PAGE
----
I
NTRODUCTION
A central element of U.S. crime control efforts in recent decades was the “war on drugs,” and such policies have had important implications (e.g., Beckett, 1997;Bertram, Blachman, Sharpe, & Andreas, 1996; Tonry, 1995). For example, annualfederal drug-related spending expanded between 1970 ($111 million) and 2000(approximately $18 billion) (Carnevale & Murphy, 1999; Maguire & Pastore, 2001).
1
 Under President Reagan the funding shifted to favor “supply side” reduction (e.g.,interdiction and law enforcement) and decreased for “demand side” reduction (e.g.,treatment and prevention), a pattern that persists (Carnevale & Murphy, 1999).Arrests for drug-abuse violations escalated after 1980,
rst exceeded one million
 
462J
OURNAL
 
OF
D
RUG
I
SSUES
N
IELSEN
in 1988, and have remained above this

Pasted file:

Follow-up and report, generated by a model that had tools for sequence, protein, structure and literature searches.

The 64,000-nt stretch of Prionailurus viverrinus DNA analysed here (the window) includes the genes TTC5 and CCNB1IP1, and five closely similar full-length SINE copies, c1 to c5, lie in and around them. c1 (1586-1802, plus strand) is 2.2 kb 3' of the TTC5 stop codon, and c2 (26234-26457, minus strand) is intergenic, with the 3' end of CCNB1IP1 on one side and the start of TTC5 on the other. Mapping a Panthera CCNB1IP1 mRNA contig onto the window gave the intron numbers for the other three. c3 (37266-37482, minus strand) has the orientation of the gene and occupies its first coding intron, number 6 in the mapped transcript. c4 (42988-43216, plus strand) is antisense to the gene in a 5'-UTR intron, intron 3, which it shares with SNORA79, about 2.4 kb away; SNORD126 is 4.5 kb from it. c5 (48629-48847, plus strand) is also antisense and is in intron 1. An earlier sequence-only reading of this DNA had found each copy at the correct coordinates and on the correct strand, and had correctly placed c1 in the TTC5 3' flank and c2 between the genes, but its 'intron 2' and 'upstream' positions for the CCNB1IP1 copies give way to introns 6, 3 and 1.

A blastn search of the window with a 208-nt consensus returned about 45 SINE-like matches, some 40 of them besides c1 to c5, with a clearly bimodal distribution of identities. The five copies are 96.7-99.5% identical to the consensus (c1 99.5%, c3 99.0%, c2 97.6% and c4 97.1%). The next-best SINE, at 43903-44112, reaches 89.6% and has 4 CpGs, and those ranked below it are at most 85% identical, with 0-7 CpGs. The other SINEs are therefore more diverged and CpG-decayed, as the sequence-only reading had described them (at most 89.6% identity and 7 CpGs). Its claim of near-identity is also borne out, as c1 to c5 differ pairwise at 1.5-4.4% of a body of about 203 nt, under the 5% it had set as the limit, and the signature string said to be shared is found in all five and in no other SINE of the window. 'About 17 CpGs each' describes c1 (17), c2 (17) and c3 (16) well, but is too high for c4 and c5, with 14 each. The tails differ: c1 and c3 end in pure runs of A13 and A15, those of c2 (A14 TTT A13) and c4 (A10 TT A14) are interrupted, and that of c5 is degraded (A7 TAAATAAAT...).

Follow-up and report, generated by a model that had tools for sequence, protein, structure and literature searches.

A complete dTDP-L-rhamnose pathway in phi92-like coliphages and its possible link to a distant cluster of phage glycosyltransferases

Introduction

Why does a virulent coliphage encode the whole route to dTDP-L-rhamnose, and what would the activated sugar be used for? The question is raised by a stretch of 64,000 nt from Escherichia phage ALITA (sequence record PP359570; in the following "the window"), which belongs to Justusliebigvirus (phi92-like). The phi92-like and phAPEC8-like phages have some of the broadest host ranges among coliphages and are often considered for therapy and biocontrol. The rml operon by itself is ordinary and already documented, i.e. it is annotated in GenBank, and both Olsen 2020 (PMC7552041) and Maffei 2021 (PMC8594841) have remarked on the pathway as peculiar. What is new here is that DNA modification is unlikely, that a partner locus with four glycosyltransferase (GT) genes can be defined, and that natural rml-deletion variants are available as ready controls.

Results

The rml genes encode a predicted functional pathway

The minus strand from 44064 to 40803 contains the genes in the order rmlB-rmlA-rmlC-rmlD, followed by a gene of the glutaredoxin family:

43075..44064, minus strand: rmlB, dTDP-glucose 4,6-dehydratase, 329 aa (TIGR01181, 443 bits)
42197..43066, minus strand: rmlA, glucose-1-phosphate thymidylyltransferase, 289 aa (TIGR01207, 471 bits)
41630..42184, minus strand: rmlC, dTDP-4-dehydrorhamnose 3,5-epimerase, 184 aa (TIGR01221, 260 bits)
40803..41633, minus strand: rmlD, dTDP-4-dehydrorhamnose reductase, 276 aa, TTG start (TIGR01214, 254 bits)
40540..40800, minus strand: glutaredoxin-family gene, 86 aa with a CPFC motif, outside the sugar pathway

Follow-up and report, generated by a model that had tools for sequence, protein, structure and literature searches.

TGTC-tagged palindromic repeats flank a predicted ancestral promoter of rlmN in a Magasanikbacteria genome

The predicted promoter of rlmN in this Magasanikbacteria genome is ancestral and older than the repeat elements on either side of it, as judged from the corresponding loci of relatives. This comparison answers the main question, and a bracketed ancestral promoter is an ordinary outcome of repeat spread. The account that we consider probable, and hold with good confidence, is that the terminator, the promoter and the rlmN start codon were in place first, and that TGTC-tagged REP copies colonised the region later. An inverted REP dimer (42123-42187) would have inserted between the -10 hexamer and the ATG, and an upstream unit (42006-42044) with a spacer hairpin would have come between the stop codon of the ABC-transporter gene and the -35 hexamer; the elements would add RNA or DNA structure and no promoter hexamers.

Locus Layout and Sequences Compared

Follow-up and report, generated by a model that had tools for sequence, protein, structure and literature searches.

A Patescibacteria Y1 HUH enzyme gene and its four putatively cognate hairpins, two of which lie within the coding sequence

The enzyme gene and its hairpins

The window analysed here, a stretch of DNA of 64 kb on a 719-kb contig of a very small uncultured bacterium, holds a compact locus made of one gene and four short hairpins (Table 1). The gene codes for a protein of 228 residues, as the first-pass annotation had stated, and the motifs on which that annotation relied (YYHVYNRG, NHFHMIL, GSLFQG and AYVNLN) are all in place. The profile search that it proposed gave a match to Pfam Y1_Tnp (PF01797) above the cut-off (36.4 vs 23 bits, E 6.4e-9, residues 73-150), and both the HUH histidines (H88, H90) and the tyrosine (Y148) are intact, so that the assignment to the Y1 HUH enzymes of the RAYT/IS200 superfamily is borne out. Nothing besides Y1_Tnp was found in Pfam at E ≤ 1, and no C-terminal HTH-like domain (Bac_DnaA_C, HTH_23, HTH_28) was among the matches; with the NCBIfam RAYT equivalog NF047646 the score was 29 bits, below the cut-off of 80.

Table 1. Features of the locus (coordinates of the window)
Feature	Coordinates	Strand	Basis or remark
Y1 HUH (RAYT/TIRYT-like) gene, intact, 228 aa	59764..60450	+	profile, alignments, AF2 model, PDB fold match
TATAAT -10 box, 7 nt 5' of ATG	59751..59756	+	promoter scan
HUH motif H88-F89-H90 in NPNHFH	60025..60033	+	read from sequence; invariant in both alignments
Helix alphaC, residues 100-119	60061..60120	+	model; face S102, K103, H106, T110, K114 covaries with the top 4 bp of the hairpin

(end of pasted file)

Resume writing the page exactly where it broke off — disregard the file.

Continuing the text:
gure since (Bureau of Justice Statistics,2006). Drug violations are the single largest category of arrests, and more arrestsare for marijuana than any other drug (Federal Bureau of Investigation, 2006, 2008).Prison compositions shifted along with policy; drug offenders comprised 21% of state prison inmates in 2002 (versus 6.4% in 1980) and 59% of federal prisoners in2003 (versus 16.3% in 1970). These shifts occurred as prison populations increasedgreatly in size (Beck, 2000; Harrison & Beck, 2005; Pastore & Maguire, 2004). Whendrug (and other) offenders seek to re-enter society they face dif